AskDefine | Define monosaccharide

Dictionary Definition

monosaccharide n : a sugar (like sucrose or fructose) that does not hydrolyse to give other sugars; the simplest group of carbohydrates [syn: monosaccharose, simple sugar]

User Contributed Dictionary

English

Noun

  1. A simple sugar such as glucose, fructose or deoxyribose that has a single ring.

Translations

a simple sugar, composed of a single ring
  • Finnish: monosakkaridi
  • Spanish: monosacárido
  • Swedish: monosackarid

Extensive Definition

Monosaccharides (from Greek monos: single, sacchar: sugar) are the simplest carbohydrates. They cannot be hydrolyzed into simpler sugars. They consist of one sugar and are usually colorless, water-soluble, crystalline solids. Some monosaccharides have a sweet taste. Examples of monosaccharides include glucose (dextrose), fructose, galactose, xylose and ribose. Monosaccharides are the building blocks of disaccharides like sucrose (common sugar) and polysaccharides (such as cellulose and starch). Further, each carbon atom that supports a hydroxyl group (except for the first and last) is chiral, giving rise to a number of isomeric forms all with the same chemical formula. For instance, galactose and glucose are both aldohexoses, but they have different chemical and physical properties.

Structure

With few exceptions (e.g., deoxyribose), monosaccharides have the chemical formula (CH2O)n + m with the chemical structure H(CHOH)nC=O(CHOH)mH. If n or m is zero, it is an aldehyde and is termed an aldose, otherwise it is a ketone and is termed a ketose. Monosaccharides contain either a ketone or aldehyde functional group, and hydroxyl groups on most or all of the non-carbonyl carbon atoms.

Cyclic structure

Most monosaccharides form cyclic structures, which predominate in aqueous solution, by forming hemiacetals or hemiketals (depending on whether they are aldoses or ketoses) between an alcohol and the carbonyl group of the same sugar. Glucose, for example, readily forms a hemiacetal linkage between its carbon-1 and the hydroxyl group of its carbon-5. Since such a reaction introduces an additional stereogenic center, two anomers are formed (α-isomer and β-isomer) from each distinct straight-chain monosaccharide. The interconversion between these two forms is called mutarotation.
A common way of representing the cyclic structure of monosaccharides is the Haworth projection.
In Haworth projection, the α-isomer has the OH- of the anomeric carbon under the ring structure, and the β-isomer, has the OH- of the anomeric carbon on top of the ring structure. In chair conformation, the α-isomer has the OH- of the anomeric carbon in an axial position, whereas the β-isomer has the OH- of the anomeric carbon in equatorial position.

Isomerism

The total number of possible stereoisomers of one compound (n) is dependent on the number of stereogenic centers (c) in the molecule. The upper limit for the number of possible stereoisomers is n = 2c. The only carbohydrate without an isomer is dihydroxyacetone or DHA.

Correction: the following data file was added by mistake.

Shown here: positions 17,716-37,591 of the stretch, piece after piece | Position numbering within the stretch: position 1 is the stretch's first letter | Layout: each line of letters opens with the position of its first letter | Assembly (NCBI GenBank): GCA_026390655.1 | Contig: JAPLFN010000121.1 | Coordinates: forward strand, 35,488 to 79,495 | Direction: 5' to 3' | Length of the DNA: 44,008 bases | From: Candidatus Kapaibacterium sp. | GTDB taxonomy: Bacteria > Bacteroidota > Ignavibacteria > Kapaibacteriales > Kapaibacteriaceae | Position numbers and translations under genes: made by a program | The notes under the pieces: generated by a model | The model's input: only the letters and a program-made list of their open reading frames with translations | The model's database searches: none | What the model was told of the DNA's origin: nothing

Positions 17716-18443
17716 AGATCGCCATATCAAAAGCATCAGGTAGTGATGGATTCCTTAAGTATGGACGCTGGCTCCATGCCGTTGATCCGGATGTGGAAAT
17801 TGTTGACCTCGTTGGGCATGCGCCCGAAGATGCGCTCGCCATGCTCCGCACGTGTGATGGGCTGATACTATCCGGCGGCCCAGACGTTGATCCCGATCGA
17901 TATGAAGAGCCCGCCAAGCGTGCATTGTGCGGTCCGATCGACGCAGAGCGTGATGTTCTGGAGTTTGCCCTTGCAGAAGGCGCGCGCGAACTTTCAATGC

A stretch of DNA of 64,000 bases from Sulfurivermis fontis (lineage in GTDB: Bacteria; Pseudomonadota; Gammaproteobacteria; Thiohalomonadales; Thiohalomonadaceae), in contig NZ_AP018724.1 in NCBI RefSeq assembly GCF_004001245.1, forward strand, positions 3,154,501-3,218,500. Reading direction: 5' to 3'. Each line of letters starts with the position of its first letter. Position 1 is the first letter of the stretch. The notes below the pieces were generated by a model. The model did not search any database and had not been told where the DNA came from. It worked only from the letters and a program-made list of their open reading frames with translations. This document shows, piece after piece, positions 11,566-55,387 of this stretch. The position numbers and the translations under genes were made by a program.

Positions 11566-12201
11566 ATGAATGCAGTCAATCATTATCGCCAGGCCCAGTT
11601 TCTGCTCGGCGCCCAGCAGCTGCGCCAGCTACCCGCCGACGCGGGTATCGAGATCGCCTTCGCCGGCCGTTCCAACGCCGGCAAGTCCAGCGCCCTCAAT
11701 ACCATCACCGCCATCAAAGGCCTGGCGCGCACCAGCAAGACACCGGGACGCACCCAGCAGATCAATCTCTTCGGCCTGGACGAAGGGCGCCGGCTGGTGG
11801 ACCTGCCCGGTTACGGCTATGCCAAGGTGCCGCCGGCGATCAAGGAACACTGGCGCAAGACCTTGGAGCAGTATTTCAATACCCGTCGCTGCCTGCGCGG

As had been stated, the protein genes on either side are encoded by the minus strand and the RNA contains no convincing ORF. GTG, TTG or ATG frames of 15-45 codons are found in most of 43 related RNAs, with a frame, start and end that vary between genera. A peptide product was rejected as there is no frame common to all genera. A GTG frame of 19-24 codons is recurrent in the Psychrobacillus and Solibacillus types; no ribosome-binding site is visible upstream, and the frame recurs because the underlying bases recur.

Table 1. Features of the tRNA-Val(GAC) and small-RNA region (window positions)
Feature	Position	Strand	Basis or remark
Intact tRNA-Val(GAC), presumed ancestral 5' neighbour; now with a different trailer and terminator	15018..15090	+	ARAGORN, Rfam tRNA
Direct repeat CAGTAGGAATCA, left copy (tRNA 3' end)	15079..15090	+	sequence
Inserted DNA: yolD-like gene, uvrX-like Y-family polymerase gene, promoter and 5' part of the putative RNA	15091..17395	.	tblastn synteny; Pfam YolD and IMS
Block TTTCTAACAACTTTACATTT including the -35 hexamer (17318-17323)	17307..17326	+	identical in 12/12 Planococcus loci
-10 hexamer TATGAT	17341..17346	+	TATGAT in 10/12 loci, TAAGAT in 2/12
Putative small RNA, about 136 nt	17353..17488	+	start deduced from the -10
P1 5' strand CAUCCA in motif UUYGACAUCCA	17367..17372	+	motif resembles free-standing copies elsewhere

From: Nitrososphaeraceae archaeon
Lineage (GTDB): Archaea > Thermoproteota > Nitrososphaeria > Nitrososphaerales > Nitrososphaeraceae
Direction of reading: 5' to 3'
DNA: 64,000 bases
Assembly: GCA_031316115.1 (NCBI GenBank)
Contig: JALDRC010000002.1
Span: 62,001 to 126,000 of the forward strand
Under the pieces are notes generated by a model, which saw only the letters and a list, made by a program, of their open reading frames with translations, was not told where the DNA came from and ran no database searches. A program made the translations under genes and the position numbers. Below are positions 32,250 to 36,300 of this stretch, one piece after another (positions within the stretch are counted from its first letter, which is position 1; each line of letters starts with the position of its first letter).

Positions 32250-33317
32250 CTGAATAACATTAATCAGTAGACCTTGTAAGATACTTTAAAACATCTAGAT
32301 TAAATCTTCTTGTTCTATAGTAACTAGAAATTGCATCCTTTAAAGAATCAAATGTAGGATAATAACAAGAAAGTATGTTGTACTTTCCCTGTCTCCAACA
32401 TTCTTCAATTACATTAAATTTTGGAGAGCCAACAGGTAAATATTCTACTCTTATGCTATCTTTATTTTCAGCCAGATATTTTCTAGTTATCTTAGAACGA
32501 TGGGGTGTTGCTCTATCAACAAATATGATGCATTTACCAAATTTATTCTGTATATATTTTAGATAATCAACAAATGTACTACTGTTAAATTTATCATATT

Monosaccharide nomenclature

Monosaccharides are classified by the number of carbon atoms they contain:
Monosaccharides are classified the type of carbonyl group they contain:
Monosaccharides are classified according to their molecular configuration at the chiral carbon furthest removed from the aldehyde or ketone group. The chirality at this carbon is compared to the chirality of carbon 2 on glyceraldehyde. If it is equivalent to D-glyceraldehyde's C2, the sugar is D; if it is equivalent to L-glyceraldehyde's C2, the sugar is L. Due to the chirality of the sugar molecules, an aqueous solution of a D or L saccharides will rotate light. D-glyceraldehyde causes polarized light to rotate clockwise (dextrorotary); L-glyceraldehyde causes polarized light to rotate counterclockwise (levorotary). Unlike glyceraldehyde, D/L designation on more complex sugars is not associated with their direction of light rotation. Since more complex sugars contain multiple chiral carbons, the direction of light rotation cannot be predicted by the chirality of the carbon that defines D/L nomenclature.
All these classifications can be combined, resulting in names like D-aldohexose or ketotriose.

List of monosaccharides

This is a list of some common monosaccharides, not all are found in nature—some have been synthesized:

Reactions

  1. Formation of acetals.
  2. Formation of hemiacetals and hemiketals.
  3. Formation of ketals.

References

External links

monosaccharide in Czech: Monosacharidy
monosaccharide in German: Einfachzucker
monosaccharide in Estonian: Monosahhariidid
monosaccharide in Spanish: Monosacárido
monosaccharide in Esperanto: Monosakarido
monosaccharide in Persian: تک‌قندی
monosaccharide in French: Ose
monosaccharide in Croatian: Monosaharidi
monosaccharide in Ido: Ozo
monosaccharide in Indonesian: Monosakarida
monosaccharide in Icelandic: Einsykrur
monosaccharide in Italian: Monosaccaridi
monosaccharide in Hebrew: חד-סוכר
monosaccharide in Lithuanian: Monosacharidas
monosaccharide in Macedonian: Моносахарид
monosaccharide in Malay (macrolanguage): Monosakarida
monosaccharide in Dutch: Monosacharide
monosaccharide in Japanese: 単糖
monosaccharide in Norwegian: Enkle sukkerarter
monosaccharide in Polish: Cukry proste
monosaccharide in Portuguese: Monossacarídeo
monosaccharide in Russian: Моносахариды
monosaccharide in Albanian: Monosakaridet
monosaccharide in Slovak: Monosacharid
monosaccharide in Serbian: Моносахарид
monosaccharide in Sundanese: Monosakarida
monosaccharide in Finnish: Monosakkaridi
monosaccharide in Swedish: Monosackarid
monosaccharide in Thai: มอโนแซ็กคาไรด์
monosaccharide in Turkish: Monosakkarit
monosaccharide in Contenese: 單醣
monosaccharide in Chinese: 單醣
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